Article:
**The title, authors, and abstract for this completion report are provided below. For a copy of the completion report, please contact the GLFC via e-mail or via telephone at 734-662-3209**
Estimating the Relationship between Sea Lamprey-Induced Mortality on Lake Trout and Observed Marking Rates
Brian J. Irwin1, Travis O. Brenden2, Weihai Liu2, and James R. Bence2
1 Quantitative Fisheries Center, 153 Giltner Hall, Department of Fisheries
and Wildlife, Michigan State University, East Lansing, MI 48824
2 13 Natural Resources Building, Department of Fisheries and Wildlife,
Michigan State University, East Lansing, MI 48824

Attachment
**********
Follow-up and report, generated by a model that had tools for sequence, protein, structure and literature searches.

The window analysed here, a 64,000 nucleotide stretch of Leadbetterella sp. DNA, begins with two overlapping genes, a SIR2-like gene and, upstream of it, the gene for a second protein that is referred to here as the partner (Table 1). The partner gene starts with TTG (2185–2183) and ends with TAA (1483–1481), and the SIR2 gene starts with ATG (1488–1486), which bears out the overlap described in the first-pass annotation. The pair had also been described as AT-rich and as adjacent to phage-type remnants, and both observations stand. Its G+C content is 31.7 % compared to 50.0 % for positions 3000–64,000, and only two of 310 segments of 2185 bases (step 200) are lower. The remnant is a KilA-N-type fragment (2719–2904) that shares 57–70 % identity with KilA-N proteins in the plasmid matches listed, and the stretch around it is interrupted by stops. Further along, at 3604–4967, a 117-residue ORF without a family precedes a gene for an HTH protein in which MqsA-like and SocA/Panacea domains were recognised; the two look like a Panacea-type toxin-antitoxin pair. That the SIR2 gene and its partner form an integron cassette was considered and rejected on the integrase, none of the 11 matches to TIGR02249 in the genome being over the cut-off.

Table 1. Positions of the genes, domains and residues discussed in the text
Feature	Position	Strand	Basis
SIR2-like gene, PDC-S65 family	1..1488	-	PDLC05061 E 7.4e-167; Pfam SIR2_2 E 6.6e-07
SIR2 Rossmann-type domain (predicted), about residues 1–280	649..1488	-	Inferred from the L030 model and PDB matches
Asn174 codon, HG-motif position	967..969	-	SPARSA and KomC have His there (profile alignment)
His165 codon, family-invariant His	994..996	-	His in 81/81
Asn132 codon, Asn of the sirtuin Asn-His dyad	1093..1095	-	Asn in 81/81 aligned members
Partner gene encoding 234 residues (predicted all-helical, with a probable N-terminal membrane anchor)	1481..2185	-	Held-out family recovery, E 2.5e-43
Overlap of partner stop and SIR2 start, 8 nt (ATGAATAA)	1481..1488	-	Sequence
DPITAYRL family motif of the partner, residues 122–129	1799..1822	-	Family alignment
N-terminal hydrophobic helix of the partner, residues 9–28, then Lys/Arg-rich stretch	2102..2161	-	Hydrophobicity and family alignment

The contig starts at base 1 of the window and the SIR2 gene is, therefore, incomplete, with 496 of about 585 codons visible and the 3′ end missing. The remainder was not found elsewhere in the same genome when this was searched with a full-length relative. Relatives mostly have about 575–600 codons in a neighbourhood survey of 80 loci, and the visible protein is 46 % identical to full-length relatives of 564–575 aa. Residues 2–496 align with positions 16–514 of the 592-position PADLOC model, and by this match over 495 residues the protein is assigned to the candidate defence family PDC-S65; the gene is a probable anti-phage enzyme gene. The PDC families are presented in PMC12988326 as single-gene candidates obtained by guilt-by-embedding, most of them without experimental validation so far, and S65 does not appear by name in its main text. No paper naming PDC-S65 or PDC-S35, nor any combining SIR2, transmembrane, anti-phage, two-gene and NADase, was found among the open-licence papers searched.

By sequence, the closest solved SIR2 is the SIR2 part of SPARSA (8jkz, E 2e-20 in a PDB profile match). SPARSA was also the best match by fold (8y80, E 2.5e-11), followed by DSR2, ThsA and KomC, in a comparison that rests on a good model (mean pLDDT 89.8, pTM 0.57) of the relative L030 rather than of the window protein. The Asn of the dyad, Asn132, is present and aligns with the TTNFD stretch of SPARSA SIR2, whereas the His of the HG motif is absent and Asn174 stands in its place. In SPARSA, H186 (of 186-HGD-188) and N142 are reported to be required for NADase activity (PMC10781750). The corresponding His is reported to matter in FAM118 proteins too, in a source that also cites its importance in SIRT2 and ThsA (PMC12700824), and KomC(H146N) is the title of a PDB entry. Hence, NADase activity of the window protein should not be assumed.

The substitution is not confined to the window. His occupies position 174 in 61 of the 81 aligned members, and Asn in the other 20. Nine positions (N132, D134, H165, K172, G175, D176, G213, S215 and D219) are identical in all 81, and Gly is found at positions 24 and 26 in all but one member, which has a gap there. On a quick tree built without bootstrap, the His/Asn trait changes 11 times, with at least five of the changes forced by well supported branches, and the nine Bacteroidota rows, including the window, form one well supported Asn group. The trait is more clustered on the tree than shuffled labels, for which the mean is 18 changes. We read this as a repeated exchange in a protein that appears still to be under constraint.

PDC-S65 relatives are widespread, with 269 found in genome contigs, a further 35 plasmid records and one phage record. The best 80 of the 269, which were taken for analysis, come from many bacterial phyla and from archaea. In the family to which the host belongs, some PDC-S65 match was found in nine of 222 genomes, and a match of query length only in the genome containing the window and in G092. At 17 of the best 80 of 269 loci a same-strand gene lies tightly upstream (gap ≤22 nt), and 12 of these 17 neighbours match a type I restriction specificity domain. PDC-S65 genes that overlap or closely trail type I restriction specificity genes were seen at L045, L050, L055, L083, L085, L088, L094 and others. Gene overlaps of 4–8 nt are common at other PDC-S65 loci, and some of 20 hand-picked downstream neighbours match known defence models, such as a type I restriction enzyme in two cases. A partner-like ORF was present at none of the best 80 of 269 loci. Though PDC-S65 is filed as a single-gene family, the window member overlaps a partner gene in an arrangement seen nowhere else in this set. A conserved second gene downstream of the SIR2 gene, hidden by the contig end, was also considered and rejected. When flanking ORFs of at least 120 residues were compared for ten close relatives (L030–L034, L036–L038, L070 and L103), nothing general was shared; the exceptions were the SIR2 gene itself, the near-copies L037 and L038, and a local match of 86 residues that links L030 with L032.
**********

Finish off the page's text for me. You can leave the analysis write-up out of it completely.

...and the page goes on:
We modified existing stock-assessment models for lake trout to evaluate the relationship between sea lamprey-induced mortality and observed marking rates on lake trout in the upper Great Lakes. The overall objective of the project was to evaluate the ability to estimate the proportionality between sea lamprey-induced mortality and wounding marking rates used in lake trout assessment models. We considered models for the following assessment units: Lake Huron MH1, MH2, and MH3456; Lake Michigan MM123, MM4, MM5, and MM67; and Lake Superior MI5 and MI7. The primary method used to estimate the new scaling parameter was to estimate this parameter simultaneous to other assessment-model parameters, but we also considered an iterative approach to estimation where the scaling parameter was estimated separately from other model parameters. We considered models at the scale of individual assessment units (listed above), for each lake separately (combining across assessment units – “combined-by-lake” model variants), and by combining across lakes (“combinedacross-lake” model variants). The combined-by-lake approach was intended to take advantage of contrast in patterns in marking rates among areas. Prior to combining, individual models were adjusted to a consistent compiler format and given assessment-unit-specific naming conventions. Reflecting the high degree of model complexity and large number of included parameters, several attempted alternative models could not be fit either because of convergence issues or because standard errors for estimated parameters could not be calculated. For example, we were unable to estimate a lake-specific scaling parameter for Lake Superior. Such problems persisted despite our efforts to modify the models to reduce the number of parameters to be estimated. We were able to generate estimates of a scaling parameter for four model variants, spanning different levels of spatial aggregation. The point estimates of the scaling parameter for the combined-by-lake versions for both Lake Huron and Lake Michigan and for the combined-across-lake model variant were greater than 1, suggesting that model fit could be improved by increasing the mortality rate associated with a given level of observed marks from sea lamprey parasitism. We further estimated a weighting factor to allow the estimated scaling parameter to change monotonically over ages for one variant of the combined-by-lake model for Lake Huron. This weighting factor suggested that the influence of the scaling parameter was largest for the youngest ages of lake trout in Lake Huron, despite the marking data being essentially pre-adjusted to account for laboratory-based estimates of how size influences lethality of sea lamprey attacks.